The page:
Secretary of Education Betsy Devos proposed cutting federal funding for the Special Olympics. President Donald Trump has since overturned that proposal. We turned to Special Olympics North Dakota to talk about what that money helps them do.
People are getting an opportunity to participate in sports like anyone else, even compete in global events like, Jan Moser of Mandan, who brought home three medals from the Special Olympics World Games earlier this month.
"There's even a higher level of excitement, because a lot of things for those without intellectual disabilities may be taken for granted, and this is an opportunity that is provided to those folks that just brings a lot of joy," said Aaron Hummel, chairman of the board of directors.
In North Dakota, Federal grants are used to expand services into schools. One of the programs they're expanding allows athletes with and without disabilities to compete together for their school.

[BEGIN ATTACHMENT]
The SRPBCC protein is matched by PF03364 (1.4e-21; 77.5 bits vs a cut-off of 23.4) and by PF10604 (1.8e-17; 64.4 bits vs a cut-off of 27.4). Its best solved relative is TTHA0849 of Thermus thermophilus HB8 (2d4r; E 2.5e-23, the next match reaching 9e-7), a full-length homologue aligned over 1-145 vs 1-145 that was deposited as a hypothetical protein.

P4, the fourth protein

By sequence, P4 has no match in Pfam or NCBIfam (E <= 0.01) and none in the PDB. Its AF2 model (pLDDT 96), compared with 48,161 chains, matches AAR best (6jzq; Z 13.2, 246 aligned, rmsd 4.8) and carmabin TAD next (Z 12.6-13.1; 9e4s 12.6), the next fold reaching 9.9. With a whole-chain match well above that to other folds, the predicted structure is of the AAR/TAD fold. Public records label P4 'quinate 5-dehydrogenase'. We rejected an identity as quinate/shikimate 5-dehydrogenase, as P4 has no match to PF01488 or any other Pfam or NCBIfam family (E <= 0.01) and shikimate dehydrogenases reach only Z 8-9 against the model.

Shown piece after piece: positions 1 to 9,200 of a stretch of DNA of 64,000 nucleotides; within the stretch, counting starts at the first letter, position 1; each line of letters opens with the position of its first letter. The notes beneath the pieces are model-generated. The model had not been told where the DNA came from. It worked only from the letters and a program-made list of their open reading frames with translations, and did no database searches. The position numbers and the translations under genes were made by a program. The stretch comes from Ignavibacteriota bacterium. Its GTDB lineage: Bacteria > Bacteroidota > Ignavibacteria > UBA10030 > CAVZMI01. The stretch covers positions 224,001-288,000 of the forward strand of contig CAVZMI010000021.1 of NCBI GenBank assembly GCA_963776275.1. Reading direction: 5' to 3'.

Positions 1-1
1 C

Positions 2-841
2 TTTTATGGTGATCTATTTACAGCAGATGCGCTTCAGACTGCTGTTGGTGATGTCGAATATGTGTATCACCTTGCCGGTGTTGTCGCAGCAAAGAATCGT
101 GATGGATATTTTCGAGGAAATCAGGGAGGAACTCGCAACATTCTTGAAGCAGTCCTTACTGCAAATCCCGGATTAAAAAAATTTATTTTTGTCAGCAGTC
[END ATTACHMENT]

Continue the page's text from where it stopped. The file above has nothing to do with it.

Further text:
"They're able to participate hand in hand, and that not only provides that extra level of opportunity for them, but it helps to build that inclusion and help to get rid of the stigma that may surround those with intellectual disabilities," said Hummel.
According to Special Olympics North Dakota President Kathy Meagher, the organization has a budget of about a million dollars that mostly comes from fundraising and donations.
To donate or volunteer for the organization you can check out their website: specialolympicsnd.org